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COAL MINE FATALITY - On Wednesday, September 6, 2000 a 56 year old bulldozer operator, with 37 years mining experience, slipped and fell while exiting the operator's compartment of a Model 355 Komatsu bulldozer. The victim apparently lost his footing and fell approximately 6 feet to the ground. The victim received injuries to his neck and was immediately transported to a nearby hospital and later to the University of Kentucky Medical Center where he was treated for the neck injuries and was subsequently released. The victim's condition deteriorated and on September 23, 2000, seventeen days after the initial accident, he was re-admitted to the hospital where he died that same day as a result of complications deriving from what is believed to be a blood clot.

Best Practices

  • Always use handrails when mounting or dismounting equipment with elevated work stations.

  • Always make sure of foot placement on elevated surfaces before dismounting equipment or exiting operator's compartments.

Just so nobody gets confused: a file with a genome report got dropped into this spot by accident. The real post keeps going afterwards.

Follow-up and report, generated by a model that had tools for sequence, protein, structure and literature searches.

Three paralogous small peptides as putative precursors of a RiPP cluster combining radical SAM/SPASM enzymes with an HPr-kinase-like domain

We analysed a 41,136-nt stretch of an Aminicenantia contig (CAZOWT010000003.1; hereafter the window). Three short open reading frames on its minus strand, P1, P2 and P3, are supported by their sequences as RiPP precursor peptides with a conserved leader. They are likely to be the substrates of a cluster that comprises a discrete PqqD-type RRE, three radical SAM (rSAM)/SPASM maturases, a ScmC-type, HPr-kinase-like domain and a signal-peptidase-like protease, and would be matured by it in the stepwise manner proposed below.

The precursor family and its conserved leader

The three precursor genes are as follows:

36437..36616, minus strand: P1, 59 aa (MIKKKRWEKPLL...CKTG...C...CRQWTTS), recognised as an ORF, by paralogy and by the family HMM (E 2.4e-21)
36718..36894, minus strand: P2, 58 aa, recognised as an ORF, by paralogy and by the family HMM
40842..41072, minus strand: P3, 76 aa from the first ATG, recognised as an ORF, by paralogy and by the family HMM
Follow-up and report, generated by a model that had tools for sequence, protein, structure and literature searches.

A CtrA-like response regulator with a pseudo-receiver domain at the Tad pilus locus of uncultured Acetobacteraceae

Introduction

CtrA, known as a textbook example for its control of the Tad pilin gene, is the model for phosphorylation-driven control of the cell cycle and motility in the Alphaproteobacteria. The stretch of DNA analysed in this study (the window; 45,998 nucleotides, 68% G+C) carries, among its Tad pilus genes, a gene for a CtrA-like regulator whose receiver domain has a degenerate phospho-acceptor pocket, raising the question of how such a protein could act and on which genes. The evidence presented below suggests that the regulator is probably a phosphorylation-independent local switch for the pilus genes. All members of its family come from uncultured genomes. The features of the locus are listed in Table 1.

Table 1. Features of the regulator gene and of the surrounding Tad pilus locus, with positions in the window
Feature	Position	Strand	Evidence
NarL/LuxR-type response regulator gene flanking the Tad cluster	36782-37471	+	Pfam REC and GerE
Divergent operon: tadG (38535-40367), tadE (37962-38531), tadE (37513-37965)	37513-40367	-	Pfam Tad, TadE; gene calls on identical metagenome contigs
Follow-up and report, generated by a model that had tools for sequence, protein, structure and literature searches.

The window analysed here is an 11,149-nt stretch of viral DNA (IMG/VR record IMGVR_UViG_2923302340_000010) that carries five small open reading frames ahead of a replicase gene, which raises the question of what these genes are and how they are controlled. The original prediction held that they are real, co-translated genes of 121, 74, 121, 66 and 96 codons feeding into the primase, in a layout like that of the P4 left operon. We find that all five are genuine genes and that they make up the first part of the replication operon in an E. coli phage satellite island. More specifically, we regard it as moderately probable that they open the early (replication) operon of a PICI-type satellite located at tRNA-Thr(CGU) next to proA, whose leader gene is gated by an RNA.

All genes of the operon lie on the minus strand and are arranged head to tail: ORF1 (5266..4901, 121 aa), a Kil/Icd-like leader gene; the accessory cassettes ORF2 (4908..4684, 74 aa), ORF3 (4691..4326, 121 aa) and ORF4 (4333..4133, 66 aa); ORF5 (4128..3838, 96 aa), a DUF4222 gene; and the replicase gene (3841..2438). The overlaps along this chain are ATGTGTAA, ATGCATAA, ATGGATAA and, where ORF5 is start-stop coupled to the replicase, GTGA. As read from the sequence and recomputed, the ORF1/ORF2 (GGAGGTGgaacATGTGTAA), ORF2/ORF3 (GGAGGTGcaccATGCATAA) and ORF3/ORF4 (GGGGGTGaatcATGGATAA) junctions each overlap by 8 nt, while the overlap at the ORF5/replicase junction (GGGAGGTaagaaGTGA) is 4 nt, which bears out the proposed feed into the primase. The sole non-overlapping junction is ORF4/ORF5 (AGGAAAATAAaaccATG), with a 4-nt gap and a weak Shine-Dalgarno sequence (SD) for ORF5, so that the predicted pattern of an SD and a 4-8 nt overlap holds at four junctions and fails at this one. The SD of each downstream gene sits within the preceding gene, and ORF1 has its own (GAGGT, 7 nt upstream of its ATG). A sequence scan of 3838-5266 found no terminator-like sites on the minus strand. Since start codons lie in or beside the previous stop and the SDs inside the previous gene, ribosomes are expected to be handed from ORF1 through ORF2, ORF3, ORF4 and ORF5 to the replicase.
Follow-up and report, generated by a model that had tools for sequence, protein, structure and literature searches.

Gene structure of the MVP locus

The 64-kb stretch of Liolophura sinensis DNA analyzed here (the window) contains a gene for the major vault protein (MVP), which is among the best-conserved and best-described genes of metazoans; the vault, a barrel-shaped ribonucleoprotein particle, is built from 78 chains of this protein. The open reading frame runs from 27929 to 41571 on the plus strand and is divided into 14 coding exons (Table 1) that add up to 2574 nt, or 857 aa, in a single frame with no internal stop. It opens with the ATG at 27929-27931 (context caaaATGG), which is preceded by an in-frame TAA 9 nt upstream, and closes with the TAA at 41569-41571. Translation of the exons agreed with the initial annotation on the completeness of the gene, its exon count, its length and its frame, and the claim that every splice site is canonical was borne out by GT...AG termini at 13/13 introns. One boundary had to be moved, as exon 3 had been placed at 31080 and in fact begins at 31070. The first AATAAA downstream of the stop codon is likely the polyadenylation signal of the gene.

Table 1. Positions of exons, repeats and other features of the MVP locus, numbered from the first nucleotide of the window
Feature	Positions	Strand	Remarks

• Always maintain 3 points of contact (two hands and one foot or two feet and one hand) when climbing onto or dismounting equipment.
  • More Information
    E-mail Suggestion for Accident Prevention Program
    Submit your own suggestion for a remedy to prevent this type of accident in the future.
    Please specify if you wish your submission to be anonymous or whether your name may be used. Please include the year of the fatality and the fatality number.

    This is the 28th fatality reported in calendar year 2000 in the coal mining industry. As of this date in 1999, there were 25 fatalities. This is the 2nd accident classified as slip and fall reported in the coal mining industry in 2000. As of this date in1999, there were 2 fatal accidents classified as slip and fall.

    The information provided in this notice is based on preliminary data ONLY and does not represent final determinations regarding the nature of the incident or conclusions regarding the cause of the fatality.

    For more information:
    Fatal Alert Bulletin Icon MSHA's Fatal Accident Investigation Report